We have only ourselves to consider.  

And therein lies both delightful opportunity and some trepidation.  

We haven't had to bumble along as a couple for almost 20 years.  

And though it has just been for a few days I think we have enjoyed our time to chat and cook together and walk the dog, watch TV and do some gardening.   

We have pottered together and apart and been comfortable.  The usual stuff of studying and working out and cleaning the house goes on.  Just a bit more quietly.

We made lovely meals and set the table and prayed for our kids and friends and ate together.  

Sometimes there was silence.  Not awkward or uncomfortable.  Just quiet. 

And I figured out how to make cheese sauce that was just enough for two! 

Our nest isn't empty - we are right here - and our puppy is snoring on the couch (yes ON the couch) - and we are going to be just fine.

Sunday, September 18, 2016

A fresh coat

We just spent a chunk of change on our house.  

Like a few thousand dollars.

And you wouldn't know it.

YOU wouldn't know it.

But we sure know it.

It was repainted.  

The same colours as before.

Before was 11 years ago. 

When we were young and foolish and painted it ourselves - it took weeks.

This time it was done in 2 days. 2 coats and and the trim.  

I'd like the change to be more obvious for the $$$ we spent. 

What I am excited about is how wonderfully fresh and clean and sealed the house is now - how safe and prepared for the storms of Winter.  How the peeling and faded parts only I noticed are now vibrant and covered and smart.

And all this sent me on a metaphorical meandering.....

Isn't this just how life can be sometimes?

Big things happen, change, shift us - and barely anyone notices. 

Hearts are squeezed, dented, expanded, re-shaped....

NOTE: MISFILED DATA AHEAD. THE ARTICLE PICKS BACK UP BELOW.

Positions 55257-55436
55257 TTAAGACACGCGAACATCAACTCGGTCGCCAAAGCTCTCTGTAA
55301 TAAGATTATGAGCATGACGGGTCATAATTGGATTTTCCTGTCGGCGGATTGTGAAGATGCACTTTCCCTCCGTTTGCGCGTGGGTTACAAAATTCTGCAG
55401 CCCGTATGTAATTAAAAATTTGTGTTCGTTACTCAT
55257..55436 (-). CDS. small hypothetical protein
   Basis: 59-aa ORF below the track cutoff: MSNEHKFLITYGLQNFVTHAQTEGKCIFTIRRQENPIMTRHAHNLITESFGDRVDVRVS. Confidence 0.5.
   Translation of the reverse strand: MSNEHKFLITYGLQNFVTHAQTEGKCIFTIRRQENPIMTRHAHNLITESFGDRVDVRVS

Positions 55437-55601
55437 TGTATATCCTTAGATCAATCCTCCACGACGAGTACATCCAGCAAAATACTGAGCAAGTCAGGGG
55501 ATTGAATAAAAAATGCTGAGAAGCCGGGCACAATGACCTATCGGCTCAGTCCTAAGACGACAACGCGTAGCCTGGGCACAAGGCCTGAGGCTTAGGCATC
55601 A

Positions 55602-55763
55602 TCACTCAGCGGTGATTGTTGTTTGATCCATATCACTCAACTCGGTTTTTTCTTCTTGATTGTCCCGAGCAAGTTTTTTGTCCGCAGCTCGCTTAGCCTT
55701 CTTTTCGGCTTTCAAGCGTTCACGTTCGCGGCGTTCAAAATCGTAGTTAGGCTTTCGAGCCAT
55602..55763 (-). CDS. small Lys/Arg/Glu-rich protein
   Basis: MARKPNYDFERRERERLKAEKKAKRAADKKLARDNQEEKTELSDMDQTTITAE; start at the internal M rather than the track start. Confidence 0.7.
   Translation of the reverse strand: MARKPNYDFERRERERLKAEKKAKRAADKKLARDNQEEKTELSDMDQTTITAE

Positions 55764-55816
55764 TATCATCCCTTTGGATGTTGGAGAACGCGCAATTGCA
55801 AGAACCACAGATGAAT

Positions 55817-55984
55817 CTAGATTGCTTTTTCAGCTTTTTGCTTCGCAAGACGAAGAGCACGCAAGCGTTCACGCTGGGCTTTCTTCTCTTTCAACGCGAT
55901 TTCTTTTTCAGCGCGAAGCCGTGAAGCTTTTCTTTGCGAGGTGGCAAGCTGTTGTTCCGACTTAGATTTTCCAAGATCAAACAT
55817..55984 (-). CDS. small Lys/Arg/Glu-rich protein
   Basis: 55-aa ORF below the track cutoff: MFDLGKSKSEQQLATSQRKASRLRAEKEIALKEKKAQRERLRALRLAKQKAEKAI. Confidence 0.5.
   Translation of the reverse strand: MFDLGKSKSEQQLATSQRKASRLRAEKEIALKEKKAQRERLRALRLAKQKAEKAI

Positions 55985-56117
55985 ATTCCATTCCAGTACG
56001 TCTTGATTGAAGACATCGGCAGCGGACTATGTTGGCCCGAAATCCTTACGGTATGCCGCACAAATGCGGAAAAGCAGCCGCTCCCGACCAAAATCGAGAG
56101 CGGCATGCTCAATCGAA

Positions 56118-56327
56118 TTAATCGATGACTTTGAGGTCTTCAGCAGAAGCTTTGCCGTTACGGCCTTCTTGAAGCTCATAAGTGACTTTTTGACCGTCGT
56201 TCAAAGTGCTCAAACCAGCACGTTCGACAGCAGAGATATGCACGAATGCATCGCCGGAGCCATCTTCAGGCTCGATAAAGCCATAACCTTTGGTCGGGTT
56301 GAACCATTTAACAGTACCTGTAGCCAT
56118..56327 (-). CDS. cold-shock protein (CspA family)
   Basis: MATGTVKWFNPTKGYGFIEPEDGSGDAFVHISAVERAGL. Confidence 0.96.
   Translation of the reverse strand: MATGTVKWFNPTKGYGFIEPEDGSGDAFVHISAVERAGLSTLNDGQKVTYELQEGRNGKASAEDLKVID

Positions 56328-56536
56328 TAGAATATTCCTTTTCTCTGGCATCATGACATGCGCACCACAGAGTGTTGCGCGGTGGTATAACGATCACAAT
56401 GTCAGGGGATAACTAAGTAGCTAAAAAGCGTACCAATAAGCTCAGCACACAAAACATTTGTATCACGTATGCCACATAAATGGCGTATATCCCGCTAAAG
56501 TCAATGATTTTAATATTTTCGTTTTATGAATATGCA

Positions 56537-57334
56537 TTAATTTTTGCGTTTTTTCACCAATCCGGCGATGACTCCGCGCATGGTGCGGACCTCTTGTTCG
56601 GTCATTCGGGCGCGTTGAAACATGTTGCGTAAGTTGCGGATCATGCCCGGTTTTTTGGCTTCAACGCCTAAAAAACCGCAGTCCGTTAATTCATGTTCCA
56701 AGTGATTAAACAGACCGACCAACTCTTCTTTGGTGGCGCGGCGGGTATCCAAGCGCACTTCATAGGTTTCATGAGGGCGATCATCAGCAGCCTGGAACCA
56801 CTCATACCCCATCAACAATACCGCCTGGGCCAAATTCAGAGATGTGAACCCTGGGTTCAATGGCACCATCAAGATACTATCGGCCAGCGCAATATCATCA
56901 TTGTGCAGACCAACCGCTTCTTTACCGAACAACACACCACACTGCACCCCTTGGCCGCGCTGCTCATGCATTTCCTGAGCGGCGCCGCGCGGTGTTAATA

Minds grapple and take on new thoughts, open new thought pathways...

Bodies find new ways of being and doing....

Birth, death, love, illness, travel, world news .... we are challenged and changed .... and the world marches on seemingly oblivious.

We can feel so inwardly transformed, challenged, hurt, renewed - sometimes in deep ways, and there is no banner announcement - no WOW moment.  Those closest to us might notice a change, a shift, they may even say something about it.

But it doesn't mean, just because it's barely outwardly noticeable, that it isn't true and real and incredible.

The investment you made in the change, whether by your choice or through a process you chose or whether it was thrown at you, even blindsided you....  it is yours to hold and cherish, to proclaim if you want to and to announce if you need to. 

Your change deserves to be noticed - but it is no less change even if it is not.

I hope if you walk by my house you'll be amazed at how sharp it looks.  

But it's ok if you don't.

I am still delighted with the change.  

(ok please tell me you notice they painted the ugly white gutters the same colour as the house - which is genius  - and makes me way too happy!)